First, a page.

Adult Summer Reading Program Raffle Winners

$50 Jen Vaihinger

$25 Harriet Werner

$25 Jim Roberts

Dunkin Donuts Gift Certificate

Gary Morin

Two Mums donated by Friends of the Epsom           Library, Darcy May

Summer Reading Book Revews


The  UltraMind Solution , by Mark Hyman, M. D.

This book is a wealth of knowledge and a huge eye-opener when looking at the “SAD” or Standard American Diet.  Dr. Hyman teaches you about the importance of eating whole, organic, non-processed food as medicine for the body and mind.  He also discusses the mind/body connection and how gut health is more important than you think.  There are several quizzes in the book so you can see where your body is deficient and supplement according to achieve optimal health.  After implementing his plan, I myself lost 25 pounds and feel great!  I highly recommend this book!

Amanda Mate


 White Queen, by Philippa Gregory

This was a fantastic take on the women of the Cousins War and one of the great mysteries of that era: the missing princes of York.  With the author’s unique storytelling, you feel immersed in the 14th Century and get an incredible view into the lives of women and the men who own them.

Jen Vaihinger


The White Princess, also by Philippa Gregory

While not as interesting as the White Queen  this is a beautifully- written peek into the women of York.  Her theory of the Tudor curse is quite interesting as well as the struggles of the main character.

Jen Vaihinger


Chess Anyone?

Brian O’Neill is looking for people interested in forming a new chess club from 10 a.m. – 12 p.m. on Saturdays.  All ages and levels of experience are invited to come to play and learn.

No experience? That’s great, too. Brian is more than willing to teach new players.

For more information, contact BrianONeil2@gmail.com.


New Hampshire Downloadable Books Login Change

Later this summer patrons of the Library will need to log into the Downloadable Books site using a password in addition to a library card number.  Please contact the library (736-9920) to learn your password and to ensure that your library account is in good standing.

1000 Books Before Kindergarten

Congratulations to our young readers: Cecilia Brown-100 books; Logan Esatbrook-300 and Evie Mate-300 books.

18th Century Doll House Display

By Christina Van Horn

The Van Horn Dollhouse comes to life in the Epsom Library.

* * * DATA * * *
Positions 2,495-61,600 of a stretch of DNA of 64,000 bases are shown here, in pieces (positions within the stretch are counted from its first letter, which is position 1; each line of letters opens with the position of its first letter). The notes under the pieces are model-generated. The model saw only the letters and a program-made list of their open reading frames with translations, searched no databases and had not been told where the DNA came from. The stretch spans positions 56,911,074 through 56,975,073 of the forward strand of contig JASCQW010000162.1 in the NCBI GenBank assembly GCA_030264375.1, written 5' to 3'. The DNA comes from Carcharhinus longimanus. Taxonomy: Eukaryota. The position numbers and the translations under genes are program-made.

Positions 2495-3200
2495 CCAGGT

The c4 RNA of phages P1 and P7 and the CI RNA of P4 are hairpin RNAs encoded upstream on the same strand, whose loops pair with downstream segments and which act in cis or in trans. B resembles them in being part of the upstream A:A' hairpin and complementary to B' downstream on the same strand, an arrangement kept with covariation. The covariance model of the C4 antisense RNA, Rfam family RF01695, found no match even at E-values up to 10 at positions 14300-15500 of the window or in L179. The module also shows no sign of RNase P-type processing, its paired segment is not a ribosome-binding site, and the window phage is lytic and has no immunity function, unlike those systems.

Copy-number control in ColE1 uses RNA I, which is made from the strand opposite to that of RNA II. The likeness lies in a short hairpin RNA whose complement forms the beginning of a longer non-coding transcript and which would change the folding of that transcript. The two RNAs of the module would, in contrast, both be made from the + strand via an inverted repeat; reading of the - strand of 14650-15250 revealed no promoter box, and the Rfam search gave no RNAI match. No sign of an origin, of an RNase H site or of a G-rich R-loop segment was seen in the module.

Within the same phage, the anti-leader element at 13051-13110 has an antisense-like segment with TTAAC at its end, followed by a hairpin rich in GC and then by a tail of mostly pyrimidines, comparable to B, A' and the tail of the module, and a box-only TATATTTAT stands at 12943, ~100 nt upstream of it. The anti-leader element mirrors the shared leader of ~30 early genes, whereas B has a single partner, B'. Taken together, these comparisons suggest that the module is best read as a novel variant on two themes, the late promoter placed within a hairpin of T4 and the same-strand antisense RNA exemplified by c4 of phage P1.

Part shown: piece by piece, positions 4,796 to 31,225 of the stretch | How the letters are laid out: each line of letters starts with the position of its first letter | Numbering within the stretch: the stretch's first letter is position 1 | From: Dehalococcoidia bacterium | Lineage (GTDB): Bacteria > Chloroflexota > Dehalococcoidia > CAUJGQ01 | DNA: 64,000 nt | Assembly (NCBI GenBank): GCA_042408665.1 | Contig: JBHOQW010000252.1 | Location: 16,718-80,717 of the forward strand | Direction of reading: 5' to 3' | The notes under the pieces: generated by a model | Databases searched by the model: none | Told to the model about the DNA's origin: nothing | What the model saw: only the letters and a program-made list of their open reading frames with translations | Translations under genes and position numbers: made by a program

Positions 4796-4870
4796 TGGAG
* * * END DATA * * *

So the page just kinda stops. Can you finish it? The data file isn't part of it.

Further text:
The creation of this dollhouse was a family affair.  Over 30 years, Ralph Van Horn of Pittsfield built innumerable pieces of 18th Century dollhouse furniture kits on a 1:12 inch scale.  He meticulously constructed each piece.  The drawers open and close; the chairs and sofas are upholstered; and the three-sided folding screen was constructed with a museum gift card!  He labeled and signed each piece.  His wife, Maureen Van Horn, crafted tiny books, and, while traveling, always kept an eye open for memento miniatures, such as a candelabrum or a bowl.

Ralph amassed quite a furniture collection, but he never wanted to actually build a dollhouse.  He passed that torch to his oldest daughter, Christina, who lived in California.  With her then husband Dana Milner, she immediately went to work building the shell of this 18th Century home.

Once Dana had completed the shell and electrified it, Christina started interior and exterior finishing. (She splurged – the price shall remain undisclosed – on a handmade German chandelier, which is the only one that doesn’t work.)  In a two-year period, she applied wooden siding, shingles, windows, doors, flooring and moldings, always staying as true as possible to 18th Century styles.  She built the cornices and wallpapered and painted rooms, decorated fireplaces, and put together the staircase.  She set the dining room table with china and flatware and tiny goblets. Many years before the dollhouse was even considered, Christina had cross-stitched a depiction of the Warner House in Portsmouth, and had given it to Ralph. He kept it, and it is now a part of the house.

Bea Van Horn, Ralph’s mother, had given Christina dollhouse furniture over the years that wasn’t the right period for the house.  These pieces went into the attic as no Colonial house is without its upper “storage” story.  Bea made the red and white pillows.  The canopy lace in the master bedroom came from an heirloom nightgown Bea had given to Christina, who saved it.

Landscaping was difficult as the dollhouse supply shop was located in California, not a haven for New England foliage.  The birdhouse, however, was created by Gilbert Paige, formerly of Pittsfield, and Pittsfield Weaving donated the rugs.

(The dollhouse is currently on display in the Reference Room of the Library.)

Story Times

Mondays,10 a.m.; Tuesdays, 1:30 p.m., and Thursdays, 3:30 p.m.  Children listen to stories, sing songs, and do craft activities.  March themes include rainbows, St. Patrick’s Day, and lions and lambs.